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Dunia Borga’s Croquembouche

photography by Bode Helm

Dunia Borga’s Croquembouche



Our favorite part of this is that it makes a beautiful centerpiece. But the best part is taking it apart and eating. Enjoy!

1 recipe pâte à choux (cream puffs)
1 recipe dulce de leche filling
1 pastry bag (or Ziploc bag with the corner cut out) fitted with a round #8 pastry tip and filled with dulce de leche filling
1 recipe sugar caramel for mounting

Insert the pastry tip into the underside of each puff and fill with dulce de leche filling. Prepare your assembly station with parchment paper and serving tray. Make the sugar caramel.

Impale the bottom of each puff with a small knife or skewer. Dip the top of each puff (not the full puff) one at a time into the caramel. Arrange puffs next to each other in a circle on a parchment-lined serving platter or baking sheet. The caramel will glue them together.

Continue building the croquembouche, dipping and gluing another smaller ring of puffs on top of the first one, until the classic cone or tower shape has been achieved. Drizzle the croquembouche with caramel.

Set on a serving platter. Add decorative elements in the crevices. Just add caramel to the back of each item and place in desired location. We love to add sugar butterflies or sugar flowers.

Pâte à Choux
These are great filled with just about anything. My son loves them with vanilla ice cream covered in chocolate syrup. And I love them filled with fresh sweetened, vanilla whipped cream covered with powdered sugar. Yummy!

Yields 70–120, depending on size

For the dough
1 cup water
1 cup milk
8 ounces (two sticks) unsalted butter, cut into pieces
1 teaspoon salt
2 teaspoons sugar
2½ cups all-purpose flour
8 eggs

For the glaze
1 egg, beaten

Combine water, milk, and butter in a small heavy saucepan and bring to a boil. Sift together the salt, sugar and flour. Set aside.

Remove water, milk, and butter mixture from the heat and add the flour to saucepan while stirring constantly. Return the saucepan to high heat, stirring continuously, until a smooth mass forms.

Transfer the mixture to a mixing bowl. I prefer the stand-up mixer fitted with a paddle attachment. Start the mixer at medium high speed and begin adding the eggs one at a time. It is important to add the eggs to your ingredients slowly, so you don’t end up with scrambled eggs. If you don’t have a stand-up mixer, you can mix your dough in a bowl with a wooden spoon. The dough needs to cool a little before adding the eggs one at a time.

Beat the dough until it is smooth and elastic. Place the dough in a pastry bag (or a Ziploc bag with the corner cut out) fitted with a plain round half-inch pastry tip. Pipe dough onto baking sheets, forming little rounded mounds 1 inch in diameter and ¾ inch high.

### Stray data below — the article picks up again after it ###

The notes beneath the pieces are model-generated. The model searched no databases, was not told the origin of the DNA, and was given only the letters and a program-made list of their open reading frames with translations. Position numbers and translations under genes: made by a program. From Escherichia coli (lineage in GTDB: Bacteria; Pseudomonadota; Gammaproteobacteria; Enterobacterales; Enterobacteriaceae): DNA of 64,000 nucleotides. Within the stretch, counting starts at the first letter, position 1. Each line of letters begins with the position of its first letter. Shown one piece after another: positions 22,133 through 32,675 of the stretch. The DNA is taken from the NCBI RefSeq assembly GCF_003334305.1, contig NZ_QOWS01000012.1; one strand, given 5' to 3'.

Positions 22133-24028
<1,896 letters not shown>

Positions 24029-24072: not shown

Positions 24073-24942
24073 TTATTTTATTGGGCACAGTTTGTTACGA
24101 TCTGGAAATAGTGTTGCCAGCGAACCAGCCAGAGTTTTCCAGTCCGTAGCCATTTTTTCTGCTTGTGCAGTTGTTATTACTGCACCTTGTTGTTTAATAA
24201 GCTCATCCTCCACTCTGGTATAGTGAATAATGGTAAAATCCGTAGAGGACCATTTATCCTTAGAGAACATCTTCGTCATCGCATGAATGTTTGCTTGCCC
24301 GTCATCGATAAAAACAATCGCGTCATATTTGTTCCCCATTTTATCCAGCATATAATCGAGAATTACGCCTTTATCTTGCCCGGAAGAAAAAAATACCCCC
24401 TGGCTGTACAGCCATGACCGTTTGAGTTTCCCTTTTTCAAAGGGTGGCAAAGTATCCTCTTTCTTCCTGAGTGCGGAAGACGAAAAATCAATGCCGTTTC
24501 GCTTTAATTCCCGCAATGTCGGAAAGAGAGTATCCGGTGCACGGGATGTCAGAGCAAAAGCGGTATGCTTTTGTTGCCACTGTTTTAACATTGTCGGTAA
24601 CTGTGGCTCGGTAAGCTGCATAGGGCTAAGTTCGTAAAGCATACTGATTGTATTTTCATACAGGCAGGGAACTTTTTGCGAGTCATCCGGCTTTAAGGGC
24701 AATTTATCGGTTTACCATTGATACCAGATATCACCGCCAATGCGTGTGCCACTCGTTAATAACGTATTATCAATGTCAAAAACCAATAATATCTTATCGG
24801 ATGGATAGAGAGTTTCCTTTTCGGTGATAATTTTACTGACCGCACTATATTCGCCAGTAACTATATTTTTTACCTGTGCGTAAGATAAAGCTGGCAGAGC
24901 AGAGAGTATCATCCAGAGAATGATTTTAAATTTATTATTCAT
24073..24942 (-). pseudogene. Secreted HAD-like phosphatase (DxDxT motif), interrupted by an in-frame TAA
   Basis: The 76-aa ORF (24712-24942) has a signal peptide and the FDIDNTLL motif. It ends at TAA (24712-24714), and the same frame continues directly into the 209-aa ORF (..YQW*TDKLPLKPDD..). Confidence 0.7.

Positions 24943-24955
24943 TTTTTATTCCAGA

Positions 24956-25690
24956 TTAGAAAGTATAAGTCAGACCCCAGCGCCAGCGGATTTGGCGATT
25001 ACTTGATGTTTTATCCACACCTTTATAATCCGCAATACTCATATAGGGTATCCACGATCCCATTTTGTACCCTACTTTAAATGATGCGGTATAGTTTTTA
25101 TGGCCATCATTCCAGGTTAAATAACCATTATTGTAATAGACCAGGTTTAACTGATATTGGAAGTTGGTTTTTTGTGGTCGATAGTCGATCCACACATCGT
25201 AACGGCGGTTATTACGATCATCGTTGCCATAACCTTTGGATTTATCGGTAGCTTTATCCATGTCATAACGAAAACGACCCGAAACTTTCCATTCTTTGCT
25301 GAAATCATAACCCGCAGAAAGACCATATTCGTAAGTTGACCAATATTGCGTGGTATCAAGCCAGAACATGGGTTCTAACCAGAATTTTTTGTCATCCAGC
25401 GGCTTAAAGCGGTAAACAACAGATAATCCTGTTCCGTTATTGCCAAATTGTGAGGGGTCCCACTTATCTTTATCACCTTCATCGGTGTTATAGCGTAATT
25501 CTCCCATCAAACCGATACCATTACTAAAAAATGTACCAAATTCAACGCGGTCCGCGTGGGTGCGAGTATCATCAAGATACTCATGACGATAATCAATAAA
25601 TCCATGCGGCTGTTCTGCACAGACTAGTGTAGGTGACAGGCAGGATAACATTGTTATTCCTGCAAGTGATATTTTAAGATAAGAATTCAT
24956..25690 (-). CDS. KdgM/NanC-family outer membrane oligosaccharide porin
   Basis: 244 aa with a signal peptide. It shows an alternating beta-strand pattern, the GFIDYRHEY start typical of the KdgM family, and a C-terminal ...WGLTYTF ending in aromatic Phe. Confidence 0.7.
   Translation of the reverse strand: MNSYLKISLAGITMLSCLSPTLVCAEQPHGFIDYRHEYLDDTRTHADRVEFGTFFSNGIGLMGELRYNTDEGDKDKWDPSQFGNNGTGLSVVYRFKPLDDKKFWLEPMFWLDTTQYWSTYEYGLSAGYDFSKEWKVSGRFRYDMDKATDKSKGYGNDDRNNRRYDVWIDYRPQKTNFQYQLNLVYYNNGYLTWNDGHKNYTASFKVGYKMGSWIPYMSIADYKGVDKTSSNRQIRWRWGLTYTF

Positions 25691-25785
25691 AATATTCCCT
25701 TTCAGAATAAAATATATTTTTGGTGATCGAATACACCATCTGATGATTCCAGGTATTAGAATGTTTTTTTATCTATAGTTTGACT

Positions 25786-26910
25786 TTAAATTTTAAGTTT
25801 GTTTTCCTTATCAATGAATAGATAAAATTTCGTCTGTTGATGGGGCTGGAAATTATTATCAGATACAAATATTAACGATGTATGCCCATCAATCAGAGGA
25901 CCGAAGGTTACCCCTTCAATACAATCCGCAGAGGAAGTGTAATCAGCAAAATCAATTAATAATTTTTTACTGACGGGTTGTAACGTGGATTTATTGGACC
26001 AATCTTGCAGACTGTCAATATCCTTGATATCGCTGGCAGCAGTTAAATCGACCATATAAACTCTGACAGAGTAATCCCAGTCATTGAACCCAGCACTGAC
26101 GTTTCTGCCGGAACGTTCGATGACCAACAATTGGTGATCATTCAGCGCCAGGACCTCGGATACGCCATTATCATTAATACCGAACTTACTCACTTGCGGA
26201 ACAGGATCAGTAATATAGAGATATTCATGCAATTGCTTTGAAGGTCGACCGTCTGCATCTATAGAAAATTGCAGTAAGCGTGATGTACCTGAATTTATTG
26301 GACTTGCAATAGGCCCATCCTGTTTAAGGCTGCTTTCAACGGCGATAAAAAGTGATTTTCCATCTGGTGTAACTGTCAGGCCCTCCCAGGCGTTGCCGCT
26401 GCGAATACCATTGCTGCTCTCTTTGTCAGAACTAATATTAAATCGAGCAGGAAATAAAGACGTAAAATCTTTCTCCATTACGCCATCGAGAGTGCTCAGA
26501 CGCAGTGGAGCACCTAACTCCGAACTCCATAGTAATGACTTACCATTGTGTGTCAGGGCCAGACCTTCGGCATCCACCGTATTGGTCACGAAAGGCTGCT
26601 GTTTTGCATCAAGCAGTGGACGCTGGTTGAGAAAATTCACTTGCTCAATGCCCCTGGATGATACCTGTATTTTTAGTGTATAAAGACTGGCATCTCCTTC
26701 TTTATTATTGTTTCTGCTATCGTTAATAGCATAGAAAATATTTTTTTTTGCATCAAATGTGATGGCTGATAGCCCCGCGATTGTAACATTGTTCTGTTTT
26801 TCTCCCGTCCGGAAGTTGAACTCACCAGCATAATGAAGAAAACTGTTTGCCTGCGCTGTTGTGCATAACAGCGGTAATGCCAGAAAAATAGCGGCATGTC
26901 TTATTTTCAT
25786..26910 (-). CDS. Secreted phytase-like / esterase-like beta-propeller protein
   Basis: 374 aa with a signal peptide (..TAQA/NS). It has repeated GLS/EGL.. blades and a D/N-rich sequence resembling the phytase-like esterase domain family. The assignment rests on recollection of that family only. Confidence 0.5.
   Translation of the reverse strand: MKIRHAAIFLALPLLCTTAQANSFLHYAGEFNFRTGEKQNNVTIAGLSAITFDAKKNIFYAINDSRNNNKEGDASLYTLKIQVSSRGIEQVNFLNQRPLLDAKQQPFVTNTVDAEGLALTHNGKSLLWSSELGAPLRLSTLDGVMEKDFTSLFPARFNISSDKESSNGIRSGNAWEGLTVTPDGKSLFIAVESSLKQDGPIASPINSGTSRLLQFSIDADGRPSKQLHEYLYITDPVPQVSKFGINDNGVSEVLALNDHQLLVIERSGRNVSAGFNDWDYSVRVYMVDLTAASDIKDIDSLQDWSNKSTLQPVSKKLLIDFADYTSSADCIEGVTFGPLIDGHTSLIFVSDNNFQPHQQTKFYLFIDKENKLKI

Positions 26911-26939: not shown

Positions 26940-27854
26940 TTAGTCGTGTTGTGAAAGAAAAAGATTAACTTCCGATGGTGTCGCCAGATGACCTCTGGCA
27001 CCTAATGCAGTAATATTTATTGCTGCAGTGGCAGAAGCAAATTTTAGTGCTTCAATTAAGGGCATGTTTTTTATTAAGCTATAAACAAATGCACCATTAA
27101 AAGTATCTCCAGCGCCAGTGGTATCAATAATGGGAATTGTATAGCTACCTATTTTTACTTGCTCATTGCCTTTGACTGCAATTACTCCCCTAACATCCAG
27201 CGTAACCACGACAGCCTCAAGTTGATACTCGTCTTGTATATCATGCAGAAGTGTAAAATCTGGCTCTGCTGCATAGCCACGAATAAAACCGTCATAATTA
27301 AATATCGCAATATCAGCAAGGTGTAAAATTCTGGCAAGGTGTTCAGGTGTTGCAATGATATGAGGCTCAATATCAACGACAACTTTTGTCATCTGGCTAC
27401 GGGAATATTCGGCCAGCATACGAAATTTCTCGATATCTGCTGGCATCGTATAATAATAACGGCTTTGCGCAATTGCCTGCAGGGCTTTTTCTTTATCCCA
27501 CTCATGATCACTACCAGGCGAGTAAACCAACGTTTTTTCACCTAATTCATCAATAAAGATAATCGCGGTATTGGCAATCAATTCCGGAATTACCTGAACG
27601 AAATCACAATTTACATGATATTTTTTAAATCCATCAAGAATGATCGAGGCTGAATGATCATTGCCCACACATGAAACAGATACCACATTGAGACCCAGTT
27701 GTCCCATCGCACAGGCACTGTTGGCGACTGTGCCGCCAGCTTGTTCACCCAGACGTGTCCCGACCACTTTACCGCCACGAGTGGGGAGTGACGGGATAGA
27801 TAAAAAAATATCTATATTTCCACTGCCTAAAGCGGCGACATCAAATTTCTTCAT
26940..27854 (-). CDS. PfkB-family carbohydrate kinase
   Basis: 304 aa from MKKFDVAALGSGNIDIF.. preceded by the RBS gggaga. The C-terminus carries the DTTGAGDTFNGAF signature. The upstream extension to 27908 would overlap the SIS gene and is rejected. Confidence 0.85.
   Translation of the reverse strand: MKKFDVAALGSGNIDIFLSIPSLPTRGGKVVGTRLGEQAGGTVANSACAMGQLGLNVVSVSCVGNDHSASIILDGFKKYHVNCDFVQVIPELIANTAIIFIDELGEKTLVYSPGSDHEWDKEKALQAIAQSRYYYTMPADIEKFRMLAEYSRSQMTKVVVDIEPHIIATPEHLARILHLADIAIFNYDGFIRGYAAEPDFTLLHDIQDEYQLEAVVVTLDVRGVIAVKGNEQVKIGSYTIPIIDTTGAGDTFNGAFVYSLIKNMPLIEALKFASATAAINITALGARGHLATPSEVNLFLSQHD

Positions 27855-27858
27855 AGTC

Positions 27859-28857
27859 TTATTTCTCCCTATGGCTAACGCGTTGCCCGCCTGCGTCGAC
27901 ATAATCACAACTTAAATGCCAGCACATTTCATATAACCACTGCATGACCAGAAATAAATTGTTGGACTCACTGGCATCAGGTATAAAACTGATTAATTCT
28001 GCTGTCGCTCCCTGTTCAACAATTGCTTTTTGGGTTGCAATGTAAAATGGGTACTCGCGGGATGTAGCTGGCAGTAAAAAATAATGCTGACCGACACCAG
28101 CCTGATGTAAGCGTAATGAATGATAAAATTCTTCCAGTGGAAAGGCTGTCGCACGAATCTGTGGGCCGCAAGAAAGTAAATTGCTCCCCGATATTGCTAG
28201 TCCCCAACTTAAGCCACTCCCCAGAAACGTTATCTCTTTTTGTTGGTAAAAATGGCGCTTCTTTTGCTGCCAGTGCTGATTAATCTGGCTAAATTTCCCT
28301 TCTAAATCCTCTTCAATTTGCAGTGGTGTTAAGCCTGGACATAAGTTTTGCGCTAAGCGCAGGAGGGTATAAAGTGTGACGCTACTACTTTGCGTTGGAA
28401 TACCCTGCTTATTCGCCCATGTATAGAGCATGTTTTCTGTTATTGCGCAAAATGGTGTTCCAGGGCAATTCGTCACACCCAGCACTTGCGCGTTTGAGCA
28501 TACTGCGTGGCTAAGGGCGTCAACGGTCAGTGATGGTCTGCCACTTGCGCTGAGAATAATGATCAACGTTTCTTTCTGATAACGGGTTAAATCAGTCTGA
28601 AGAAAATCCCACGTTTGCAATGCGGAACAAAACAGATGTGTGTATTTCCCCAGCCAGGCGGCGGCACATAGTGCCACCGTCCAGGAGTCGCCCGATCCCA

Brush each mound with egg (glaze), smoothing the top of each as you brush. Bake at 350° for 25-30 minutes or until golden brown.

Cool the puffs on a wire rack. They can be used immediately or frozen in an airtight container for future use.

Dulce de Leche Filling
This is one of my favorite fillings—for puffs or just to use as a topping on tarts and cake. I hope you like it as much as my family and I do.

2 cups heavy whipping cream
1 cup dulce de leche

Place heavy whipping cream in a mixer fitted with whip attachment and whip until soft peaks start forming. Add dulce de leche and finish mixing until stiff peaks are formed. Keep refrigerated.

Sugar Caramel
Please be very careful. Sugar burns worst than oil. To wash your pan, just fill it with water and let it sit. The water will dissolve the sugar, and it will be easier to clean.

1/3 cup water
1 cup sugar
3 tablespoons light corn syrup

In a small saucepan, place the water first, then slowly add the sugar and corn syrup without stirring. Make sure you do not to touch the sides of the pan. Cook at medium high heat till mixture comes to a boil. Do not stir.

Wash down the sides of the pan with a pastry brush dipped into cold water to avoid any sugar crystals forming. Place a candy thermometer into the pan and cook sugar mixture until sugar mixture reaches 311° or hard crack.

You will be able to see the sugar melting and becoming brown. Continue cooking until sugar is light amber brown. Remove from heat or sugar will continue to cook and burn.

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